Sachin Kamal-Bahl, PhD, is Vice President and Head of the Global Health and Value Innovation Center at Pfizer, a newly created center under his leadership, that develops and integrates innovative approaches based on well-considered risks and strong technical underpinnings to address the access, pricing, or valuation challenges and opportunities facing the pharmaceutical industry. Under Sachin’s leadership and vision, the Center has been accelerating the pipeline of approaches to solve for the environmental challenges – examples of which range from leveraging joint EMA/HTA advice pathways, EMA adaptive licensing approaches, and systematic patient engagement in order to optimize drug development planning and access at launch to identifying innovative pricing and financing solutions for new drugs including those for curative treatments such as gene therapies in order to address payer concerns about prices and budget impact. Prior to coming to Pfizer in 2014, Sachin held various leadership positions in market access, pricing, and health economics and outcomes research at Merck & Co. In addition to leading the Innovation Center, Sachin holds adjunct appointments at two academic institutions, the University of Pennsylvania’s Leonard Davis Institute of Health Economics and the University of Maryland’s School of Pharmacy; serves on advisory boards of initiatives led by professional societies/organizations; and is a frequently invited speaker at external conferences.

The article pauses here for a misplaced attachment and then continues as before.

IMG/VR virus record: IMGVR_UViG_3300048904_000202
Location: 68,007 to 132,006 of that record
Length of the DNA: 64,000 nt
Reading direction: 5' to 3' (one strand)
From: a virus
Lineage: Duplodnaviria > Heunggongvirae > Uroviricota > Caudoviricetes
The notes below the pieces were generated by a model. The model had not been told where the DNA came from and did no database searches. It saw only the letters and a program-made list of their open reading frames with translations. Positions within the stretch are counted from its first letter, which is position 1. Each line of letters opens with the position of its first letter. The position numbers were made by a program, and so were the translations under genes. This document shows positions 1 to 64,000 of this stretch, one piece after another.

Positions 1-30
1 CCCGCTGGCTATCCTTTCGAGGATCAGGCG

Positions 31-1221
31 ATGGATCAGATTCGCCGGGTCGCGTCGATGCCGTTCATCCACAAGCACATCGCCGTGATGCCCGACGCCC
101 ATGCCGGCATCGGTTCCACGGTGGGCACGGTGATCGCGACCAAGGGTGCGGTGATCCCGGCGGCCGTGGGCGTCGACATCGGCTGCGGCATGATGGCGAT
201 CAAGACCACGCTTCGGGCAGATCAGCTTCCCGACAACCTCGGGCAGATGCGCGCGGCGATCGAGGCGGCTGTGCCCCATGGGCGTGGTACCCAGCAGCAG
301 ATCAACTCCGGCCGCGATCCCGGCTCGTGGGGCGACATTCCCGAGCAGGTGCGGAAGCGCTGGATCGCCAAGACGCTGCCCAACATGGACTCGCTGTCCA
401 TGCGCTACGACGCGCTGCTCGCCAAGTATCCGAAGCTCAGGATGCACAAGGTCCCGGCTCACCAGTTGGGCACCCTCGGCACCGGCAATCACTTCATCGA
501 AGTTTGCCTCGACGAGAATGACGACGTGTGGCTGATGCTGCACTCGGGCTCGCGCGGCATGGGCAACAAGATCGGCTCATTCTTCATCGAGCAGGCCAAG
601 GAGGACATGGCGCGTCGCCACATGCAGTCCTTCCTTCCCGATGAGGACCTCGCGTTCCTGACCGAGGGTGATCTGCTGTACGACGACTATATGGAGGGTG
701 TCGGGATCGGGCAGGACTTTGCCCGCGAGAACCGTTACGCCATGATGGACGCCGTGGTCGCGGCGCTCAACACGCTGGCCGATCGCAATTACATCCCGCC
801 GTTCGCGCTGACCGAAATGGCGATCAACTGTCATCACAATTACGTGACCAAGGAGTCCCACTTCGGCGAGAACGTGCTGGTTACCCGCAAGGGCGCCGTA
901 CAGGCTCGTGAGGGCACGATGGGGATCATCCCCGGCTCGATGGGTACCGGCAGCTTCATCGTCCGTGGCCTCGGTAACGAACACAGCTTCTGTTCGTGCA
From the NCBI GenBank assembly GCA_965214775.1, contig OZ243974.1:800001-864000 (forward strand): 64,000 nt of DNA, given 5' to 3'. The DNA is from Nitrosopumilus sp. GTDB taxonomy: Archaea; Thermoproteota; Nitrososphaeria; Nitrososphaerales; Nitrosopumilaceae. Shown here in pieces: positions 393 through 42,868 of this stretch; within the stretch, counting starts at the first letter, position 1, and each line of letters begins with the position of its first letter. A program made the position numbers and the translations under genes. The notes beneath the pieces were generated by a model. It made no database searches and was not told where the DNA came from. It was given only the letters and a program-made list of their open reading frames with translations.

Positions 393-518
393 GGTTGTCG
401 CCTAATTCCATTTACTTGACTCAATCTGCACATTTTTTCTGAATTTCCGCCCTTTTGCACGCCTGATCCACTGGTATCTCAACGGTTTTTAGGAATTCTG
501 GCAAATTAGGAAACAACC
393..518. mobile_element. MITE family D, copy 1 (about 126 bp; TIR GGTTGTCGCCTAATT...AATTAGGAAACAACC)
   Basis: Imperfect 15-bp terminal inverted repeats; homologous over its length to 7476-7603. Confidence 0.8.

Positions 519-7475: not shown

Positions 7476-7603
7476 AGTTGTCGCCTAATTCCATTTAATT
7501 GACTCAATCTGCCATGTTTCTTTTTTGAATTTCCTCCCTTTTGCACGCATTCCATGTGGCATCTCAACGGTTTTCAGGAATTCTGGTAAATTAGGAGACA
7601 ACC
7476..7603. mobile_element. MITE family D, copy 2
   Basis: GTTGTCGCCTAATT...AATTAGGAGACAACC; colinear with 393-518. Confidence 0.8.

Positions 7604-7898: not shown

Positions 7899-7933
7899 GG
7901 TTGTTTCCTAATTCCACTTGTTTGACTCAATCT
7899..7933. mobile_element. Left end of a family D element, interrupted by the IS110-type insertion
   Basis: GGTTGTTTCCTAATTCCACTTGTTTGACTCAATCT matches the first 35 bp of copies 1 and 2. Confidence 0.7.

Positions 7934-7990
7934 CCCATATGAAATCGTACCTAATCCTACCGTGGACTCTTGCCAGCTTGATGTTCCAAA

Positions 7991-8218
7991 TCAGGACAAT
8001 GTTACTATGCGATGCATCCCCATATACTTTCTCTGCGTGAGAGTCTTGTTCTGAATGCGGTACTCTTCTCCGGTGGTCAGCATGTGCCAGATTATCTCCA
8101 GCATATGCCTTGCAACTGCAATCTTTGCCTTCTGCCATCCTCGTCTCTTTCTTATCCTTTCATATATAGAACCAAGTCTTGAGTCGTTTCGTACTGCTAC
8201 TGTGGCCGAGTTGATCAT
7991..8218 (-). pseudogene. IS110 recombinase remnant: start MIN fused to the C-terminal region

Recent Posts by Sachin Kamal-Bahl
While compelling arguments exist for value frameworks to assume a societal perspective, in practice it is challenging for them to do so.
Outcomes-based pricing agreements may both improve access to treatments for patients who derive the greatest benefits from them and strengthen pharmaceutical companies’, clinicians’, and insurers’ interest in discouraging the use of ineffective therapies. However, stakeholders are missing...
Measuring caregiver burden to calculate the societal cost of disease is important. However, it is arguably far less important than the direct loss in wellbeing to families and others who have a loved one afflicted with disease.